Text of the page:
Having fought in the Second World War and seen action on board two Royal Navy ships, HMS Aurora, and later HMS Victorious, Kenny, like many others of his generation was a great admirer of Sir Winston Churchill who had led British allied forces.
Angela More remembers how Kenny was recovering from the flu at the time Churchill’s funeral service was being televised: “he shed tears.”
Kenny had been playing on stage in Our Man Crichton as he recalls in his autobiography, ‘More or Less’:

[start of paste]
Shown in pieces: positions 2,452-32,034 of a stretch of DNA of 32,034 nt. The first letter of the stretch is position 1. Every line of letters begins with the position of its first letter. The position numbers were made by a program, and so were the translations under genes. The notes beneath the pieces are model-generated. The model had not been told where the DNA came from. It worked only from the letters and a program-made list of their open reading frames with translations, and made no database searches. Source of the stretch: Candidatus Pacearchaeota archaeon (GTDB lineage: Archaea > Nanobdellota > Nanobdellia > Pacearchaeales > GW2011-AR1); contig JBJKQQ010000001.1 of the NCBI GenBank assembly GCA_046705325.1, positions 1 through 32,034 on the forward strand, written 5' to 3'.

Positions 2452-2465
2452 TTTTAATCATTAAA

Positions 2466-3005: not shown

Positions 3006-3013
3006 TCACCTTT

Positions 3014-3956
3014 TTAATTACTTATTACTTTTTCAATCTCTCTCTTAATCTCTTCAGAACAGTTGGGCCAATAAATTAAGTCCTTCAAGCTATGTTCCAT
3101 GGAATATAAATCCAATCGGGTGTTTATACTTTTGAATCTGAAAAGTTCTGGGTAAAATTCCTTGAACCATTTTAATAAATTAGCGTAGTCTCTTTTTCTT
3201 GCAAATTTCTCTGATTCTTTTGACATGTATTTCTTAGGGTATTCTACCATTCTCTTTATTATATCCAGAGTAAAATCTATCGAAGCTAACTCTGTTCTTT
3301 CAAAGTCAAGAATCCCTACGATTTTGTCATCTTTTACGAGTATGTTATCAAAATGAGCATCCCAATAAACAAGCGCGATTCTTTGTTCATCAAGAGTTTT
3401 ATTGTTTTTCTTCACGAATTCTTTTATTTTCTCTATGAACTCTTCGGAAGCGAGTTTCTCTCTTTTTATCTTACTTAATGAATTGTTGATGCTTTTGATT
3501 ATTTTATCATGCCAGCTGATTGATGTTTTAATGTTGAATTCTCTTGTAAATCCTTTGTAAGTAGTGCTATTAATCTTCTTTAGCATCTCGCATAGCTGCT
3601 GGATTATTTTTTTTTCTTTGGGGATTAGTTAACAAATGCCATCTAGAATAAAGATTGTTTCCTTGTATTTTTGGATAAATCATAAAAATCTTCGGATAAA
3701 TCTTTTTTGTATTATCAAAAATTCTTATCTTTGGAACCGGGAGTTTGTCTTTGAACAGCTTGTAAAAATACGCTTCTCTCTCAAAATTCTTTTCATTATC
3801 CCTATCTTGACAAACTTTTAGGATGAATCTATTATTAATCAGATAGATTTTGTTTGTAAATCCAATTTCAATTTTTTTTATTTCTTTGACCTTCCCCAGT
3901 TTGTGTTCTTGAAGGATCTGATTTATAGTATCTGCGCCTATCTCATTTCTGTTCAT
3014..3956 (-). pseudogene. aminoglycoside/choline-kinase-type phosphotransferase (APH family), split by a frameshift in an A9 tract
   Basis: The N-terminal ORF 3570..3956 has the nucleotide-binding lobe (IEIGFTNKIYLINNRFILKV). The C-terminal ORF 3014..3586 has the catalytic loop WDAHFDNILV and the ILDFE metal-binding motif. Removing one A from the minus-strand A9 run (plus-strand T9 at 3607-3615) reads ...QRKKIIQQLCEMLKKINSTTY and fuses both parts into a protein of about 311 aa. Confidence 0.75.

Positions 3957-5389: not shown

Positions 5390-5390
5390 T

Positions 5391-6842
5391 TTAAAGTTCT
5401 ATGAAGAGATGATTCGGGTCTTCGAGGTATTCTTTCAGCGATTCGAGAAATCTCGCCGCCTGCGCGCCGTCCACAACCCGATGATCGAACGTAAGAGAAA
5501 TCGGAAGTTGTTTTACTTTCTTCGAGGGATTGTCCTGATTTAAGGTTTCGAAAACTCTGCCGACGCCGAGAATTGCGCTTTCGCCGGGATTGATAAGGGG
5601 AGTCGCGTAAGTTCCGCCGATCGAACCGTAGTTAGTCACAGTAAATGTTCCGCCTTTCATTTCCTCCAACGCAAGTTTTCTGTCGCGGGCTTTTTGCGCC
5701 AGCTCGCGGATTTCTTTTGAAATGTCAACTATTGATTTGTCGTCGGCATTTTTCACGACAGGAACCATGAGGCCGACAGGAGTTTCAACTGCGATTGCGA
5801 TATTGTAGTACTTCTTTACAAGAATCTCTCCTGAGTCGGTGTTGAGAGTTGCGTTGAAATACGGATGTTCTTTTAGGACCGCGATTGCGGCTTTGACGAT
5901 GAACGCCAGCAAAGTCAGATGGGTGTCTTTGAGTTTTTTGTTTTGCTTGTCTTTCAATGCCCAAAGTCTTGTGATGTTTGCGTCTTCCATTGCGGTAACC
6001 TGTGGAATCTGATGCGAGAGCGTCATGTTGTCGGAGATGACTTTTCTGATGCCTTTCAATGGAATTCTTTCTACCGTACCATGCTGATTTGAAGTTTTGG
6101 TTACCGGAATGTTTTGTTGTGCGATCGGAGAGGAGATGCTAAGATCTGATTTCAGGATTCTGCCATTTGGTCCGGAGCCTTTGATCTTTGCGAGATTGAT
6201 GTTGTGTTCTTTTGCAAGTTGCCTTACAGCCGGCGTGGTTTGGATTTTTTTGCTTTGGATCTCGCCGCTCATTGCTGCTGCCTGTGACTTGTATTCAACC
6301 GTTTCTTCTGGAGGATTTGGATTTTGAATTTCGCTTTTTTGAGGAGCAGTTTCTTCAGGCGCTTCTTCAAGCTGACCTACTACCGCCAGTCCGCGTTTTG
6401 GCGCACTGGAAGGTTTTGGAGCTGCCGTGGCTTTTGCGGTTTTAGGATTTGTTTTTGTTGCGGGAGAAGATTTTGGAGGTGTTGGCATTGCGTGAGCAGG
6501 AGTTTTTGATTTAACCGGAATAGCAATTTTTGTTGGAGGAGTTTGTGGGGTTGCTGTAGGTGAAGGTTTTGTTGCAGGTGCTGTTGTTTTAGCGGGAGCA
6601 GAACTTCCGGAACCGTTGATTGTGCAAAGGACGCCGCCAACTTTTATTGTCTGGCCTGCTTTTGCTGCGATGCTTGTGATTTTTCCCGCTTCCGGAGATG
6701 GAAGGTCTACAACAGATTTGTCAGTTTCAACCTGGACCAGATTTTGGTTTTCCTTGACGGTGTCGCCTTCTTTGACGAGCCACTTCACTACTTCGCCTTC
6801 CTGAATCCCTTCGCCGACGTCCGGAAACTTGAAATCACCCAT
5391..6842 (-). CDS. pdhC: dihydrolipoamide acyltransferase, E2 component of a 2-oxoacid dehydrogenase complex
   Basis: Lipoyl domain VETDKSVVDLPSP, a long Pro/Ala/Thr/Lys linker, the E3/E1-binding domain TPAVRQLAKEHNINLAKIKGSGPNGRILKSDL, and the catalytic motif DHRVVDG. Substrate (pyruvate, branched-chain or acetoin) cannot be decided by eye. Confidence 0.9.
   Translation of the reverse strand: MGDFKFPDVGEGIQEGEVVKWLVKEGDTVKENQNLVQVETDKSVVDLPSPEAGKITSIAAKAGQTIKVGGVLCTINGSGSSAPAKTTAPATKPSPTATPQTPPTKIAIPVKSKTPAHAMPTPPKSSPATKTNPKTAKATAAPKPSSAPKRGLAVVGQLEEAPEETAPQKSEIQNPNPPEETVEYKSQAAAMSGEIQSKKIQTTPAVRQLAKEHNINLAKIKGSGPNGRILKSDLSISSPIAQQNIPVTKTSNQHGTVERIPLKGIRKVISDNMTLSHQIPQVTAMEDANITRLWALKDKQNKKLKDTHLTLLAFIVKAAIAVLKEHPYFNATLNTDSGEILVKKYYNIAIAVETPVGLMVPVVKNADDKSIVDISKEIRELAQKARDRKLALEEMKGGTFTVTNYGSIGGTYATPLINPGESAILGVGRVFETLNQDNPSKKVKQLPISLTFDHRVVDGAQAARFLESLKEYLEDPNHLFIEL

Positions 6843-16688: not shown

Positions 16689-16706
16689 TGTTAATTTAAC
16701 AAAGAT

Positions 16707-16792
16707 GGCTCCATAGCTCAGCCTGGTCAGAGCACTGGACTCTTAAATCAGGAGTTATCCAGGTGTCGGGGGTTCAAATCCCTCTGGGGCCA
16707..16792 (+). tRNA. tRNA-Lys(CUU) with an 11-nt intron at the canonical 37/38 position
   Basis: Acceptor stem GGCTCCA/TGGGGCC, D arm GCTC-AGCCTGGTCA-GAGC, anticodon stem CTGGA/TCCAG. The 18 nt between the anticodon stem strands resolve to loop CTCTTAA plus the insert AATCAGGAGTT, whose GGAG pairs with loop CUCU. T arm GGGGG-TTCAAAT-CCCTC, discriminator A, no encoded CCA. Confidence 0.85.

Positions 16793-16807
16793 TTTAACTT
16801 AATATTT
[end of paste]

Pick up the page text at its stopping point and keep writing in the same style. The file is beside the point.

‘On the week of Churchill’s funeral, business was very bad. People stayed away from the theatre because their thoughts were about the death of a man who had for so long symbolised so much that was fine in our country. But the show had to go on, although on the Wednesday matinée I saw I was singing this ballad to a house three-quarters empty.’
Though he never met him Churchill, Kenny kept a collection of Churchill’s memoirs (see below) and a copy of Lord Moran’s ‘Churchill: The Struggle For Survival’. He also purchased two silver coins in 1965 which were released by Royal Mint to commemorate the passing of Churchill. These items go some way in showing how much Kenny revered him.